Compensation if GPs lose data
The Government's drug safety watchdog has issued a new alert over potentially fatal reactions to a commonly prescribed antibiotic after yellow card data showed continuing problems.
Prescribing experts said most GPs were not aware flucloxacillin was associated with an increased risk of hepatic disorders and that warnings should be distributed more widely.
The Committee on Safety of Medicines warned some patients had died after taking flucloxacillin and reminded GPs that the drug should be 'used with caution in patients with evidence of hepatic dysfunction'.
Evidence of continuing adverse reactions came to light during a recent yellow card review, despite warnings issued by the CSM in 1992. There have been 309 suspected adverse liver reactions to the antibiotic recorded since 1972, out of a total of 816 suspected adverse reactions.
The committee's advice, in the latest edition of Current Problems in Pharmacovigilance, also warned that hepatic reactions could be delayed for up to two months after treatment had stopped (see box).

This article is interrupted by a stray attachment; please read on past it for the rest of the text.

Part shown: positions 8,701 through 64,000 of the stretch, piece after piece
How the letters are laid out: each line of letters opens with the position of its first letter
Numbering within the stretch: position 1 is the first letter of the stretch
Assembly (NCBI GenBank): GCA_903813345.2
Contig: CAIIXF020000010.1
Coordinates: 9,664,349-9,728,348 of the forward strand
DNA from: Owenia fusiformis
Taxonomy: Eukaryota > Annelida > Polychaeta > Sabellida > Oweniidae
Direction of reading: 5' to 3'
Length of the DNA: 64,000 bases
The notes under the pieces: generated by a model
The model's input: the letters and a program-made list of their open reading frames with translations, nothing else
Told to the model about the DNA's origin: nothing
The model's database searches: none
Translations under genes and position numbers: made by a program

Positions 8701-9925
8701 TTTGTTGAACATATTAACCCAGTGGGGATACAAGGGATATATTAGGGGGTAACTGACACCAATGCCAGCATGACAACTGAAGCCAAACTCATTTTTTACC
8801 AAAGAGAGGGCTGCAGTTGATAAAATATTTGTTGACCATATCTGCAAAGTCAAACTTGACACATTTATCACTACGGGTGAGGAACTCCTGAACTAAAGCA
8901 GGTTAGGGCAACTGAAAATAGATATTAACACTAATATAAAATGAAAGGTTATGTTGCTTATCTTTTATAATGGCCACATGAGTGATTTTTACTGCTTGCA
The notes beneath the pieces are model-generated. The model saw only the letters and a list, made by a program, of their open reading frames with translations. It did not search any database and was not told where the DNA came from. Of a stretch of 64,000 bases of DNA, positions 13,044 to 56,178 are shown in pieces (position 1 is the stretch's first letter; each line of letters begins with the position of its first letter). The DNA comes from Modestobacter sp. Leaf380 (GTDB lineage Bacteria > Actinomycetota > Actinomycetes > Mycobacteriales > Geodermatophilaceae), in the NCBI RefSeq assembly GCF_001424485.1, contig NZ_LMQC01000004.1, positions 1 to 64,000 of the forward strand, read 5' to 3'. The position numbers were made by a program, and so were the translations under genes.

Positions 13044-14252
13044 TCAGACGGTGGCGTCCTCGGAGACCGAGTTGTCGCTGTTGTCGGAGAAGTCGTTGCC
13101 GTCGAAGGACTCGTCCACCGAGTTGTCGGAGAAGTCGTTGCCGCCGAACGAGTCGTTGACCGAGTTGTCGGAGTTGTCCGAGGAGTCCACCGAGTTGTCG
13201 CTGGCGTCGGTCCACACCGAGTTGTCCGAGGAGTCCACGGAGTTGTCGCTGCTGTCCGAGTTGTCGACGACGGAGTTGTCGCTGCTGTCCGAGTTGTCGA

But GPs dismissed suggestions they should monitor patients over that time, saying it would leave them no time for other work. Dr Chaand Nagpaul, GPC prescribing subcommittee member, said GPs should explain the risks to patients and urge them to come back if they had problems.
'This is one of the most
established antibiotics and is very widely prescribed. If there is additional evidence of increased risk we need to ensure prescribers are made aware of that,' he said.
Dr Nagpaul also called for an alert to be installed on clinical software, to ensure GPs and nurse prescribers were aware of the dangers with
flucloxacillin, a first-line treatment for skin infections
prescribed by GPs on a daily basis.
But RCGP prescribing spokesman Dr Jim Kennedy said the number of adverse reactions to the drug was 'infinitesimally small', compared with the number of prescriptions and that patients taking the drug often had 'co-morbidities and serious illness'.
·Flucloxacillin should not be used in patients with a history of flucloxacillin-associated jaundice or hepatic dysfunction
·Use with caution in patients with evidence of hepatic dysfunction
·Careful inquiry should be made about previous hypersensitivity reactions to ?-lactams
·Risk factors for hepatic reactions include treatment for more
than two weeks and increasing age
·Onset of reactions may be delayed up to two months after treatment stops
By Cato Pedder